Photoshop’s traditional role is as a 2D photo editor. However, in recent years Adobe added some impressive 3D editing capabilities to Photoshop. You might think that 3D workflows don’t provide any benefit to traditional two-dimensional photo editing, but as Photoshop’s 3D technology has matured, the impact has been felt in other areas of the program. A great example of this is the new Lighting Effects filter in Photoshop CS6, which uses part of Photoshop’s 3D engine without actually creating the complexity of a 3D workflow.
Lighting Effects has been around a long time, but the Lighting Effects filter in Photoshop CS6 is essentially a brand new feature in the sense that it has been completely remade. This article provides a general overview of the filter (including its new interface), and demonstrates how you can use Lighting Effects to dramatically impact the composition or look of your photographs.
Before we take a look at Lighting Effects, let’s consider the sample image I’ve chosen for a moment. This is actually an HDR photograph. The exposures were taken with the intent of accentuating the amazing “cloud lights” that were present just after sunset. However, even with the benefits of HDR the image is still somewhat flat in contrast, as shown in Figure 1.
Figure 1: The example image has some interesting aspects to it, but we can use Lighting Effects to draw more attention to the most interesting parts of the photo.
Lighting Effects UI
A quick note before we begin: Lighting Effects is a Smart Object compatible filter, meaning you can use it non-destructively, returning to change your settings (after applying them) as many times as needed without degrading file quality. To do that, create a duplicate of the layer you want to work on, right-click it in the Layers panel and choose “Convert to Smart Object” before beginning your edits. While this will increase the size of your file (especially for higher resolution photos), I think the benefits outweigh the added size
To begin the lighting workflow, choose Filter > Render > Lighting Effects. The first thing you will notice if you used Lighting Effects in the past, is that the filter is no longer limited to a small modal dialog box and preview. Instead it uses the main document window as a preview, as well as the panel area and Options Bar to display its controls (Figure 2).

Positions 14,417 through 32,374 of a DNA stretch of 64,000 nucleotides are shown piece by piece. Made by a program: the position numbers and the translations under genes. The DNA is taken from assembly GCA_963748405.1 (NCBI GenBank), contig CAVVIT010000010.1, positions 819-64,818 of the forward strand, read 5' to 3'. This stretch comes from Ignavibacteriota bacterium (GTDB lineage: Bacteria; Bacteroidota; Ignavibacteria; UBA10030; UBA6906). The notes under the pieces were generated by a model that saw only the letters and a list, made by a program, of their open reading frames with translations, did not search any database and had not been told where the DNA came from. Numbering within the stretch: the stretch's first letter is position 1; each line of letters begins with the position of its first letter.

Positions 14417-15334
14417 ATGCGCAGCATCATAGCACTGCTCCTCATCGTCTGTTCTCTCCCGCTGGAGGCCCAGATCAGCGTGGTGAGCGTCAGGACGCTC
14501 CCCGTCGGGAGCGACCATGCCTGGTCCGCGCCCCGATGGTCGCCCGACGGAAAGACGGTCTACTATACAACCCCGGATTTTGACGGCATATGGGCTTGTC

Figure 2: The completely redesigned Lighting Effects UI. No more small preview!
This approach has the benefit of making the workflow easier to learn, as well as producing more accurate results due to the larger preview. Let’s take a look at the options and lighting controls for this new filter.
The Options Bar offers a new Preset menu with many different types of lighting options. A few are meant to mimic common studio lighting setups, while the rest have a more creative intent. Figure 3 shows the available options in the menu and one of the more basic presets called a “Crossing” spotlight.
Figure 3: If you need ideas for the types of looks that can be applied with Lighting Effects, the Presets menu is a good place to start.
To the right of the Presets menu there are three buttons representing the three types of new lights we can add to our photos (Figure 4).
Figure 4: The three available light types you can add to Lighting Effects are (from left to right) Spot Lights, Point Lights, and Infinite Lights.
Spot Lights work just as they do in the real world. You can control their intensity, the direction they are pointing, and their location in X, Y space. You can also control a Spot Light’s color and its “Hotspot”. You can think of the Hotspot as being the location where the light “hits the surface” of the image; just as a spot light in the real world is brightest where it hits the stage, your image is brightest under the Hotspot.
Point Lights work like a light bulb in open space; you can change its location or intensity, but you cannot specify a direction. You can also control the color of Point Lights.
Infinite lights simulate a distant light source where you can change neither its location nor its direction, but you can change its intensity and color.
The Properties panel is where you create the look of the lights you will be using, while the visual scope and placement of the lights (and directionality in the case of Spot Lights) is controlled directly via the image preview. You can also use this panel to modify the look of the “material” the lights are acting on. In the 3D world this usually refers to material textures that are placed on the surfaces of models, but in Lighting Effects it simply refers to the layer you are working on. The material controls include: Colorize, Gloss, Metallic, and Ambience.
Figure 5: The Properties panel inside the Lighting Effects filter is where you customize the look of your lights.
The Lights panel is where you select the light whose properties you wish to change. You can also delete lights in this panel by highlighting them and clicking the trash icon in the lower-right corner.